How do you cover a massive news story about refugees with no pictures or footage of the harsh conditions it describes? If you’re a commercial news station, you probably don’t.

Of the free-to-air commercial programs, only The Project last night gave The Guardian‘s Nauru files leak a good run. The scoop didn’t make Ten’s news bulletin, nor Seven’s, nor Nine’s. A Current Affair did not cover the issue.

It is tricky covering a story like that on television, but the public broadcasters gave it a go. SBS World News had a segment on it. On News 24, Lateline covered the revelations by interviewing shadow immigration minister Shayne Neumann. On the main channel, the 5pm ABC News had a short, straight report on the political fallout. It was also a discussion topic on The Drum, which had Guardian journo Paul Farrell on as a guest to talk about the scoop.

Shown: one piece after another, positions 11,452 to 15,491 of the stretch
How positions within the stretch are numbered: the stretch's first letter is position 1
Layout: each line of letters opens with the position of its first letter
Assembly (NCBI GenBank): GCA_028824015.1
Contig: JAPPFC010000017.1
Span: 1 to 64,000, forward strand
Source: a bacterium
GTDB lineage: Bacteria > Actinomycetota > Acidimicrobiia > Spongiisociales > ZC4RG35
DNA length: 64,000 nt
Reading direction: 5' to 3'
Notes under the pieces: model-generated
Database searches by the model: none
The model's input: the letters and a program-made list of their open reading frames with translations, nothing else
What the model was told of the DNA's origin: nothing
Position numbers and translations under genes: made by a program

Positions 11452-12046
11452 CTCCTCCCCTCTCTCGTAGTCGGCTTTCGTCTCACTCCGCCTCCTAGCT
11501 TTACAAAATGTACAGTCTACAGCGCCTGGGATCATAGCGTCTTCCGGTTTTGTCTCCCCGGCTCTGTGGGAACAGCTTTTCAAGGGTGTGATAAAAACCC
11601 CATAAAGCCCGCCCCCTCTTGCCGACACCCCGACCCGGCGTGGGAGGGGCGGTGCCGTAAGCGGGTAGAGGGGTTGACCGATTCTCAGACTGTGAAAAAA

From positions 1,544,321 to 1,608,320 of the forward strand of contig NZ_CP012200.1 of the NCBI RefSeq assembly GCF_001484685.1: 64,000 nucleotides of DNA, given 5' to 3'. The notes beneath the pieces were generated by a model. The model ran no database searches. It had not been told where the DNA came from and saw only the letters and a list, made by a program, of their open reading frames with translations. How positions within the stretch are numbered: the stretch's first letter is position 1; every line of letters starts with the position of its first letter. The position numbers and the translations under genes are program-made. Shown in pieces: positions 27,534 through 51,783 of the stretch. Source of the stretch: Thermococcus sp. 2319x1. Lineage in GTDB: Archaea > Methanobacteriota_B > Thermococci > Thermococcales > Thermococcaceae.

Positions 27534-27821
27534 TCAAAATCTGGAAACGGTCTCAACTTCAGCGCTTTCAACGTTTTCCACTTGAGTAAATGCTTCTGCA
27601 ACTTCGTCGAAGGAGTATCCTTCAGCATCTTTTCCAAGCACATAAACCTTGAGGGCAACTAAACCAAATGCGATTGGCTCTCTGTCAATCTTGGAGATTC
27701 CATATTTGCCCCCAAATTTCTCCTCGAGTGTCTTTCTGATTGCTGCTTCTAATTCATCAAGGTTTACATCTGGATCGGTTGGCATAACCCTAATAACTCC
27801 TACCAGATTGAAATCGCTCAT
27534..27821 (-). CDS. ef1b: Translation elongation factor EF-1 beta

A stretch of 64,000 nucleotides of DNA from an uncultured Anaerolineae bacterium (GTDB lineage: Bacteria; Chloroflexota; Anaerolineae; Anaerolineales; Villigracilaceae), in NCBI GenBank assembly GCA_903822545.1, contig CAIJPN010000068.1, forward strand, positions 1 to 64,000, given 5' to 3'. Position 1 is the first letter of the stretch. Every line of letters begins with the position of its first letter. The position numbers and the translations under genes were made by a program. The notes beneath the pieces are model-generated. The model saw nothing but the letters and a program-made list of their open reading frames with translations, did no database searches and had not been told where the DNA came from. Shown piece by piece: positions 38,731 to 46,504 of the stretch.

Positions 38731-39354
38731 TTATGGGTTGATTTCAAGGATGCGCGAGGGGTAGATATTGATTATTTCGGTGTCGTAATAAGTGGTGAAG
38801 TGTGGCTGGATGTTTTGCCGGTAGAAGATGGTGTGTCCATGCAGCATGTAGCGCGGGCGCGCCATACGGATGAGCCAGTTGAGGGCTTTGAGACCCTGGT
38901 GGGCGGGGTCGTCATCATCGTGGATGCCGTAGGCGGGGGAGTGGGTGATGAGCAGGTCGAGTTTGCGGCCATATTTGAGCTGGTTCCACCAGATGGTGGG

The power of images to drive interest in worthy stories got a good consideration after Four Corners’ recent story into juvenile incarceration, which got victims talking on camera and, perhaps most startlingly, video footage of much of the abuse it described. In the wake of it, the family of Ms Dhu, an Aboriginal woman who died in police custody, renewed their campaign to make the video of her treatment in the hours before her death, public. For the refugees on Nauru, it’s not clear whether similar videos even exist.

Peter Fray

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Peter Fray
Editor-in-chief of Crikey